Many of these declarations, like the Geneva Convention and some articles in the German constitution, arose specifically as a consequence of the tragic and brutal experiences of the Second World War and in particular the ruthless and criminal methods of the Nazi dictatorship against its domestic and foreign enemies. The Nazis routinely employed torture as well as cruel, inhuman and degrading treatment on a scale that was hitherto inconceivable.

Constitutional state and police state

The argument that torture can be justified in an emergency and if a highly valuable legal right, like the life of an innocent person, is at stake, opens all the sluice gates. There are numerous justifiable emergencies. A prisoner of war could then be tortured legally if he (perhaps) possesses important information with which the life of one’s own soldiers can be saved.

The nature of legal maxims and human rights, like the prohibition of torture or the principle “in dubio pro reo” (the assumption of innocence) consists of the fact that they apply as a matter of principle to all, i.e., also for offenders or serious criminals. Otherwise, they are not principles or human rights. If one allows torture as the “ultima ratio”, as the final sanction, then despite all restrictions it is generally permitted. Because who will be able to contradict a specialist interrogator when they assert that a confession extorted by torture was necessary in order to put a thief behind bars, so preventing them committing more serious crimes in the future?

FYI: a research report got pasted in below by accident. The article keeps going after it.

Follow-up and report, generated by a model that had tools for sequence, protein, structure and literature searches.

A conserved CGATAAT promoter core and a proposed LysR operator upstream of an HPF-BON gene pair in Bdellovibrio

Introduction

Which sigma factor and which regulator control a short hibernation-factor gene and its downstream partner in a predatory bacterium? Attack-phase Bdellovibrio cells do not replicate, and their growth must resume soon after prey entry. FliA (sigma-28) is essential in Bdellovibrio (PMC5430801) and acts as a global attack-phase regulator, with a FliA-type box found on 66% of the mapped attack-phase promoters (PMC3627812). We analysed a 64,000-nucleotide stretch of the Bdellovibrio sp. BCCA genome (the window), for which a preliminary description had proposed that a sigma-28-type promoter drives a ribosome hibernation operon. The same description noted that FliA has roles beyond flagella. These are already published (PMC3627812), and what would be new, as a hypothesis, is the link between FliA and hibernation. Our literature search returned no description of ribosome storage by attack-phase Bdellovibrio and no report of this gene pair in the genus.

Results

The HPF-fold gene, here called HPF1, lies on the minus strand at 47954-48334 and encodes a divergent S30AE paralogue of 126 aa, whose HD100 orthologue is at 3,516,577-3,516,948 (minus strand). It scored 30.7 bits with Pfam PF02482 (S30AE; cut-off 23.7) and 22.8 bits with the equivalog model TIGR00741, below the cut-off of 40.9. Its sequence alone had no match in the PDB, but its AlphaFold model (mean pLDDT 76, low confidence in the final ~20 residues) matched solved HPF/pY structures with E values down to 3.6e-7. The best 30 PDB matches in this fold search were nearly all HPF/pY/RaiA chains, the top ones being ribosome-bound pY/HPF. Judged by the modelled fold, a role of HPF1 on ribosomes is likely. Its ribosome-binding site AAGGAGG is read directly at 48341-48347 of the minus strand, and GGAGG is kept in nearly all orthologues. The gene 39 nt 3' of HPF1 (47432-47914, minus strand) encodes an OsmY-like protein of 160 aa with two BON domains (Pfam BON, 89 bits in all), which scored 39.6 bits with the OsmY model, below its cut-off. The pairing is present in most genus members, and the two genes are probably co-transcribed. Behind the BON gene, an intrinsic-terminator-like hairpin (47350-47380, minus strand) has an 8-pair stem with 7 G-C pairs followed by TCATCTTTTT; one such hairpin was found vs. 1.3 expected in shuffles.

Here the constitutional state differs from the police state, in which fundamental rights apply not as a matter of principle, but at the discretion of the state authorities.

It is no coincidence that right-wing politicians and judicial officers are now unleashing a debate about the admissibility of torture. The reason lies in the tense international and social situation.

In America, public debate over the use of torture against terrorism suspects began shortly after the September 11 attacks and a series of newspapers began a discussion over the value of torture.

The Bush administration has for months detained some 1,200 people of Arab origin under special laws without any charge being made and without any possibility of legal challenge. Hundreds of prisoners of war from Afghanistan are being held at the base in Guantanomo Bay, without being granted the status and rights of prisoners of war. Other suspects have been sent to states where torture is an everyday occurrence, and cross-examined with the participation of CIA agents. The democratic rights of the population as a whole have to a large measure been curtailed or negated, all under the pretext of the “fight against the terrorism.”

This development has to be seen in connection with the increasing social crisis, which is not limited to America. In Germany, too, the government has no viable answers to mass unemployment and the increasing social misery many face. In view of mounting popular opposition, the call is growing amongst layers of the ruling elite for more authoritarian forms of political rule. This is what ultimately lies behind the current demand for the prohibition of torture to be abolished.